What is apple pay? – Apple Pay is the newest form of mobile payment. Consumers can now use their iPhone 6 or 6 Plus (and the soon to come: Apple watch) at participating merchants in stores and online to pay for their purchases. Apple’s ultimate goal is to replace our wallets with our phones. We will no longer be weighed down by our plastic credit/debit cards because our wallet will be stored in our phones.
How does it work? – The first step in using Apple Pay: Load your credit/debit cards into Passbook (the “mobile wallet” for storing tickets, boarding passes, and coupons already on the iPhone). You can simply take a picture of your card to have the data automatically added, or you can type it in manually.
Step 2: Go shopping. When checking out at a participating store, simply hold your phone up to the checkout terminal (the device where you used to swipe a card) and wait for Passbook to automatically open. Then select the card to use and when prompted hold your fingerprint on the home button until the phone vibrates, beeps, and a check mark appears. Voila! That’s it, you just paid for your groceries with your phone and a fingerprint.
So how does it really work though? – Apple Pay works through NFC, or near field communication. Many point-of-sale terminals in stores are already capable of receiving NFC, and Apple Pay works with all of them. NFC technology has been around for many years now, but now that it is touted by the big Apple, it is becoming more mainstream. To get a bit technical, here’s how it works: The iPhone has a built-in antenna that broadcasts an electromagnetic field roughly the same size of the antenna. The NFC capable point-of-sale terminal has a similar antenna set up for receiving your active signal. This near field proximity structure is what helps make NFC so secure. Because for someone to “hack in” or “listen in” on your signal they would have to have a receiving antenna within a phones length away from your iPhone while your fingerprint is being read.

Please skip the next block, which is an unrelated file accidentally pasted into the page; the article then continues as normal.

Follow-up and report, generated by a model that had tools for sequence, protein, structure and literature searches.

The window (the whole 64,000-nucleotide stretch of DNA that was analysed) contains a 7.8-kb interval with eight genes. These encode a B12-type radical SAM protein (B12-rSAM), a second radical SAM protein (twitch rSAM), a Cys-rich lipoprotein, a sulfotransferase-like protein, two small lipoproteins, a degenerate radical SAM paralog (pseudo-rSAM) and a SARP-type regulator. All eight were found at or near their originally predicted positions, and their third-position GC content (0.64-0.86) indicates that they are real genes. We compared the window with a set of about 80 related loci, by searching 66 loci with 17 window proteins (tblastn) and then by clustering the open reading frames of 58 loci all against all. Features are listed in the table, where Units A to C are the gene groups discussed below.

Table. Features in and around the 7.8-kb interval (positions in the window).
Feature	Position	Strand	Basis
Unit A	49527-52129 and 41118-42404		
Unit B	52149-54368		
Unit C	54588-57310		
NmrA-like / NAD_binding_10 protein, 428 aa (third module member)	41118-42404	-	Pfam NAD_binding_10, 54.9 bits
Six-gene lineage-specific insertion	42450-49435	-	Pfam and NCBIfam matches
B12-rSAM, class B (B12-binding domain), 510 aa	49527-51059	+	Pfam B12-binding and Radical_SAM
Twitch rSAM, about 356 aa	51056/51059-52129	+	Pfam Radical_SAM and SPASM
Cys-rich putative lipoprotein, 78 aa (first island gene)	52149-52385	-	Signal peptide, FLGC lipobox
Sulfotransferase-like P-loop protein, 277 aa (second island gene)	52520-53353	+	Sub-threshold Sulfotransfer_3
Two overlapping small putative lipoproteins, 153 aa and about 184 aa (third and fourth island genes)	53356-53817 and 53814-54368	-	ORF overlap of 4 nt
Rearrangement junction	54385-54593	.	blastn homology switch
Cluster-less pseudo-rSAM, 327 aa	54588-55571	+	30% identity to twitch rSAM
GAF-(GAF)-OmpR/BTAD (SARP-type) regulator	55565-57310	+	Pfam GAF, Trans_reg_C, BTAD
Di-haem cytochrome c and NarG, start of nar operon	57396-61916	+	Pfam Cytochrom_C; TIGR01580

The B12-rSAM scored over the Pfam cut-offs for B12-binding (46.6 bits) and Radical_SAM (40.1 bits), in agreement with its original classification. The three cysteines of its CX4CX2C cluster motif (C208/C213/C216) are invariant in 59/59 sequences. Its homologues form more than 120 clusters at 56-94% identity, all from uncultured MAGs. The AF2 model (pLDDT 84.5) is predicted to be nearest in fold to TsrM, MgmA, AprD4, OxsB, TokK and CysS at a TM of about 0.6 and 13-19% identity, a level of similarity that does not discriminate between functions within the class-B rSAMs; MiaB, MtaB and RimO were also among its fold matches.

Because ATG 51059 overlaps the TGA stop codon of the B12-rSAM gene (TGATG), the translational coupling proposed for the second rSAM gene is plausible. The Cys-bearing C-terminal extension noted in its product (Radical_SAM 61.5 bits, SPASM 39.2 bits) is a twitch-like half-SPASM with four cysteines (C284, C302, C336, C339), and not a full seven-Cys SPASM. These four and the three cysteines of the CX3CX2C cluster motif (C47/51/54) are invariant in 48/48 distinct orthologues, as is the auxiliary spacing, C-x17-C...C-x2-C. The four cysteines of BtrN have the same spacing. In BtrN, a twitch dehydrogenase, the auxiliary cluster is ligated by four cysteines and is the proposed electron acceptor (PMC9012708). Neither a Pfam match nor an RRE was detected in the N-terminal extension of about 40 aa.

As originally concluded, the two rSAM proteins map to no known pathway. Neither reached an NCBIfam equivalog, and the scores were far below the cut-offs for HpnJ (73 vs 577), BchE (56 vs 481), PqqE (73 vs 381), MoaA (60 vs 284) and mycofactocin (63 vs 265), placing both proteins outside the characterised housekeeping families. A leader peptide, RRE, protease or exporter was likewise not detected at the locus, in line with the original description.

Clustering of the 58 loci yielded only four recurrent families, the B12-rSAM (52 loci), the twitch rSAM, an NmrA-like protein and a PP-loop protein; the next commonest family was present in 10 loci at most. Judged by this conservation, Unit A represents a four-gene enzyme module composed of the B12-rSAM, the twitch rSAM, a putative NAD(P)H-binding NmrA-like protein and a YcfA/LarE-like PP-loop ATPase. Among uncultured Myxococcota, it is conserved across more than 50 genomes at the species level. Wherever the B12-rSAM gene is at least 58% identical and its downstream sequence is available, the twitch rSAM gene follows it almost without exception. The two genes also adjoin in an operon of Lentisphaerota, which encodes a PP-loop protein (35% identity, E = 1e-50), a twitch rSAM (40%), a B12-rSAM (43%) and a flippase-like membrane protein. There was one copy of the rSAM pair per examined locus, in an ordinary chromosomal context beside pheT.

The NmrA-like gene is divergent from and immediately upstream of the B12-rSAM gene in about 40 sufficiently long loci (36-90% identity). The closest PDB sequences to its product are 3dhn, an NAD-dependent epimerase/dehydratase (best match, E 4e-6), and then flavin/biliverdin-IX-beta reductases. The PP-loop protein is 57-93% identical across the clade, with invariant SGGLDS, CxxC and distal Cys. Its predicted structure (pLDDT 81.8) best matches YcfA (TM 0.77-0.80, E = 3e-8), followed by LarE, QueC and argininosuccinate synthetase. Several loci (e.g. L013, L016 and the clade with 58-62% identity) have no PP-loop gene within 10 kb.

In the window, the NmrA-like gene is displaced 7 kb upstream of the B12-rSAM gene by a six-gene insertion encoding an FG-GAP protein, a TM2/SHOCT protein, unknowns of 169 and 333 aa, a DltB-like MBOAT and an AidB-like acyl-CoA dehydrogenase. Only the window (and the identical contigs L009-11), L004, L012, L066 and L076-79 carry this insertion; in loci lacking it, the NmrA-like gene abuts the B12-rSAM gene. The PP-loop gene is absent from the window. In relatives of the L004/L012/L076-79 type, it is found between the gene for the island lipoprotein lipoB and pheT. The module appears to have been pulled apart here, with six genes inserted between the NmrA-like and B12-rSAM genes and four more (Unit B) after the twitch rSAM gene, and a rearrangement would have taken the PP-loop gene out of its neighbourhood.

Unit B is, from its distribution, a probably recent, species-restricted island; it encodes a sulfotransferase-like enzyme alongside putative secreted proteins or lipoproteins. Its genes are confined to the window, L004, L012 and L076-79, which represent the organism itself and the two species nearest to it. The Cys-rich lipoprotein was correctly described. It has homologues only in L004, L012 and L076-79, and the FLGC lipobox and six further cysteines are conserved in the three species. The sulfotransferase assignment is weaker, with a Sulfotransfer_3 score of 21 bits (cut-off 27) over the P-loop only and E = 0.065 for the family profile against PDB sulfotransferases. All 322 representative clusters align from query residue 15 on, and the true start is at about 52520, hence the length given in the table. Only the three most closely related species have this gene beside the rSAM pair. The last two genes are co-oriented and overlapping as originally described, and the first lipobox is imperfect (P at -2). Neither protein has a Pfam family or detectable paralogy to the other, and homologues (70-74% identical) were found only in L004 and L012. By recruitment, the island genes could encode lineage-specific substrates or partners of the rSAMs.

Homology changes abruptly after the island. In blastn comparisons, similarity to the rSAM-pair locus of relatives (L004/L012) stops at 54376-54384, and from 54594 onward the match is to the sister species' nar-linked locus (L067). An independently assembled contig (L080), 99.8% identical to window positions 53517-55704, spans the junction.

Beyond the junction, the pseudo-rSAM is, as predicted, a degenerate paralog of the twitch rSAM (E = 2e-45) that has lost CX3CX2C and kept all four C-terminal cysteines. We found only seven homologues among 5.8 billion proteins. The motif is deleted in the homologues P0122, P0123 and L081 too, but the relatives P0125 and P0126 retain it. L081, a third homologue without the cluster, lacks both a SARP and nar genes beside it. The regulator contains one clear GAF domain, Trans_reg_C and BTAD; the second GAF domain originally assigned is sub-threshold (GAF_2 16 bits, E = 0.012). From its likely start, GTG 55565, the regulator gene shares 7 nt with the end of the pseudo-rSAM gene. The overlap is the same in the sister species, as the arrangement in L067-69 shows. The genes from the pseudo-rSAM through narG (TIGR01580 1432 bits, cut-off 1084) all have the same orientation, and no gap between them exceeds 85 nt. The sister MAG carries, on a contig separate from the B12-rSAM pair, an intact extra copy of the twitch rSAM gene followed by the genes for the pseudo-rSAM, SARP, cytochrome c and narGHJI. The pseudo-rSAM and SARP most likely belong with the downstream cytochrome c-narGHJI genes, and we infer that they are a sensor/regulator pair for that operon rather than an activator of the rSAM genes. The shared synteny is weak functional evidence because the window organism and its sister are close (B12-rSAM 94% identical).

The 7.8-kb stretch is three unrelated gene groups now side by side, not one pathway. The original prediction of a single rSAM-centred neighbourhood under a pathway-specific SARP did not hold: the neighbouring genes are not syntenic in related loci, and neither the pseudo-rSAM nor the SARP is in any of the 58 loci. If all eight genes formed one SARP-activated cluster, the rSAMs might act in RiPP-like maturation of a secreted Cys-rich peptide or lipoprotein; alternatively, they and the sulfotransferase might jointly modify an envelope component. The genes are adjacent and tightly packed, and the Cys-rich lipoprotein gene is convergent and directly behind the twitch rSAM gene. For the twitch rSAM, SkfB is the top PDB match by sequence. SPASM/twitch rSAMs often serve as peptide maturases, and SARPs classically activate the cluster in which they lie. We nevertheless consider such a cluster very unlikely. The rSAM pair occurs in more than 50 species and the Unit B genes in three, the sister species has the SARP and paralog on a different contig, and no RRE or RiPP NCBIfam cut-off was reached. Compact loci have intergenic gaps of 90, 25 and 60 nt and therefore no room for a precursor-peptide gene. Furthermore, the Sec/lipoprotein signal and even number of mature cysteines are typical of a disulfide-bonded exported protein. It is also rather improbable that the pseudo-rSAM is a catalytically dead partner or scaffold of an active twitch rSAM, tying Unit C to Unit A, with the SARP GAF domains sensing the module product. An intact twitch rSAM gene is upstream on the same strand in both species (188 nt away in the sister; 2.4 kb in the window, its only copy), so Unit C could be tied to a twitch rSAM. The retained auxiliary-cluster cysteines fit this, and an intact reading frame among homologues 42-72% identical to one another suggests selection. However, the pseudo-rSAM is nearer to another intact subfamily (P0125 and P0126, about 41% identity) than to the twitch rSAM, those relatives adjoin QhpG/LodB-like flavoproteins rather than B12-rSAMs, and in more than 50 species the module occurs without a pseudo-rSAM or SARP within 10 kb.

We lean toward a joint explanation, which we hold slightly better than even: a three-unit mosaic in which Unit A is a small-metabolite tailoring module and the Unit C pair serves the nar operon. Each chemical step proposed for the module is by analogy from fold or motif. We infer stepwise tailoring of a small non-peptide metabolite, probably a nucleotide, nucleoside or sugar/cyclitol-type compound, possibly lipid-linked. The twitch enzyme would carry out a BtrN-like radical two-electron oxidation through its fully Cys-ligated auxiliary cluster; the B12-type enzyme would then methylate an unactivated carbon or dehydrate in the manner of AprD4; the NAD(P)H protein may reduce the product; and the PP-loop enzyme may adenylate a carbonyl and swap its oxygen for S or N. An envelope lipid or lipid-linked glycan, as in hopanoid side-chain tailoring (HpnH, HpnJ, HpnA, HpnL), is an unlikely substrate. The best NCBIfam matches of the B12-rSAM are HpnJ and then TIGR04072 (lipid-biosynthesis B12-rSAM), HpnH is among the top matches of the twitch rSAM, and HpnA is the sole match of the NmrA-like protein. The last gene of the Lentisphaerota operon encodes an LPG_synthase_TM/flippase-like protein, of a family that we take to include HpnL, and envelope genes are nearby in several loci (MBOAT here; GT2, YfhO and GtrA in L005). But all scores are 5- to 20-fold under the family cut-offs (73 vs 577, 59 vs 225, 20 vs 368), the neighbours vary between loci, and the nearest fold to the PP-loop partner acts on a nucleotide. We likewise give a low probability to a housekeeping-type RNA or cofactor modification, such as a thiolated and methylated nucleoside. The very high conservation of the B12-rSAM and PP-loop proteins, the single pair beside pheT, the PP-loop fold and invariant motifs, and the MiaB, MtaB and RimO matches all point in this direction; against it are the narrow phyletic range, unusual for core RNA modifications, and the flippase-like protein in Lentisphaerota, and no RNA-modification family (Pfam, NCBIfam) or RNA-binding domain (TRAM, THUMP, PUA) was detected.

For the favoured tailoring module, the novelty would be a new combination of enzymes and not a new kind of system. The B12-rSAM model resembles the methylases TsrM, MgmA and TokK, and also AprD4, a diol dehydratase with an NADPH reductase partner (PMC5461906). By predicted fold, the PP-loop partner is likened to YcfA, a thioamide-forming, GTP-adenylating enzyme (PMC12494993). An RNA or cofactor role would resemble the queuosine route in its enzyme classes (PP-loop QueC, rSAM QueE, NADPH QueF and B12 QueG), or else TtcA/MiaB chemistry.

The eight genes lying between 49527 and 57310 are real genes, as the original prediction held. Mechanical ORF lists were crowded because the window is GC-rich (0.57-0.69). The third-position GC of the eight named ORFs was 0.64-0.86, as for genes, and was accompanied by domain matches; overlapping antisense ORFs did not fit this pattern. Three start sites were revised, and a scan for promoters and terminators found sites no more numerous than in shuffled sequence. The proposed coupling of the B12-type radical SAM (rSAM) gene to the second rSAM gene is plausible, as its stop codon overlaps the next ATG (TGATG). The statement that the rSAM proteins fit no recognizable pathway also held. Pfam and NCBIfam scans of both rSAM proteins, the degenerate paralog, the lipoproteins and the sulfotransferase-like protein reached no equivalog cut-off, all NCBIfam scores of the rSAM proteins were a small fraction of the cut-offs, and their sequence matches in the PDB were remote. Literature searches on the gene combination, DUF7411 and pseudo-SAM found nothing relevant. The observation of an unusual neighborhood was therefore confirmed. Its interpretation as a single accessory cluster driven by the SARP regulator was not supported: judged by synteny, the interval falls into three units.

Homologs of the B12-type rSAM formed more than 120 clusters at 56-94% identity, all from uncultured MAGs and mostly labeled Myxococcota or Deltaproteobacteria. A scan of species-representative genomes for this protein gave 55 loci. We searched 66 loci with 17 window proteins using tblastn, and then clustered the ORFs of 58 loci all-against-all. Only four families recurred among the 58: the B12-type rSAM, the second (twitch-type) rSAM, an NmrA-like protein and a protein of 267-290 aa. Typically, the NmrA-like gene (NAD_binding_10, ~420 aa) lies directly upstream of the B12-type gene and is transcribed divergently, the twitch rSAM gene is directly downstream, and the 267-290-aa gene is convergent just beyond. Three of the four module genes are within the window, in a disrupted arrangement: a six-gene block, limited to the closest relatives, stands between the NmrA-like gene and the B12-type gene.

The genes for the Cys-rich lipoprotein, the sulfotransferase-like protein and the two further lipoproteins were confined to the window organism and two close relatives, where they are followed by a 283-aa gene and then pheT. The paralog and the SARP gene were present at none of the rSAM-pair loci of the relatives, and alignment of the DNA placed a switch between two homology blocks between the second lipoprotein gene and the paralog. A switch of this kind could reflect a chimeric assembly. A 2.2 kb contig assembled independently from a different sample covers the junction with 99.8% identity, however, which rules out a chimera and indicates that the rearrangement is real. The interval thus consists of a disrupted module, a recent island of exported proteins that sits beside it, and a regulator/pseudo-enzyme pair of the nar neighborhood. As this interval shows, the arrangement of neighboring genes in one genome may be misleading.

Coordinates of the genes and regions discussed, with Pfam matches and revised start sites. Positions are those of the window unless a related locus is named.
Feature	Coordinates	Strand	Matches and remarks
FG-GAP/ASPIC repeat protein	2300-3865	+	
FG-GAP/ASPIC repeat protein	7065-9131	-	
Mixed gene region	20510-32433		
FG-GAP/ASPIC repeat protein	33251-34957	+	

Is it safe/secure? – Actually, yes it is. Some say it is more secure than using a traditional plastic swipe credit card. Here’s why: the security starts when you load a card into passbook. Each card is given a unique Device Account Number (DAN) which is stored in the phone in place of the real card number. This DAN is never uploaded to the cloud and is only stored on your iPhone in what Apple is calling “the secure element.” When making a transaction, the DAN is transmitted via NFC along with a onetime “dynamic security code.” Basically, this unique “dynamic security code” works as the 3 digit security code on the back of your card except it changes every time.
The credit card companies are in full support of this technology as it will dramatically reduce fraud from large scale data breaches. The merchants will never see a costumer’s actual credit card number, name, CCV, or expiration date and will therefore never store it on their systems. So, no more Target or Home Depot data breaches. The Device Account Number and Dynamic Security Code cannot be reproduced or dissected to reveal the actual credit card information. It is a win for the consumer, because if we see wide-spread adoption of Apple Pay’s NFC technology, we will also see a dramatic decline in overall credit card fees, since those fees are primarily used to cover fraud.
What makes apple pay even more secure? – Your fingerprint! All of the secure processes mentioned above about DANs, DSCs and NFC require your unique fingerprint for every transaction. And, if you lose your phone there is no need to cancel all of your cards. Simply activate the Find My iPhone feature and suspend all payments.
Should you use it? – Yes. It’s safer, more convenient, and will reduce costs for merchants, which will reduce prices for you.
Will it be a success? – To be a success, Apple Pay needs to be convenient, easy to use/set-up, and widely adopted. And in typical Apple style, I believe they have met those requirements. So yes, Apple Pay will be a success, if it is not already. At launch there were 220,000 participating vendors. After the first three days, there were over 1 million credit cards registered on the service.
The number of merchants has grown daily and includes stores such as: Whole Foods Market, McDonalds, Subway, Nike, Macy’s, Bloomingdale’s, Foot Locker, Duanereade, Walgreens, Wegmans, Petco, Chevron, American Eagle Outfitters, and many more…
And apps like: Groupon, houzz, Lyft, Opentable, Panera, Staples, Uber and many more…
I look forward to seeing the progress and innovation from both Apple and its’ competitors as they strive to make mobile payments a success.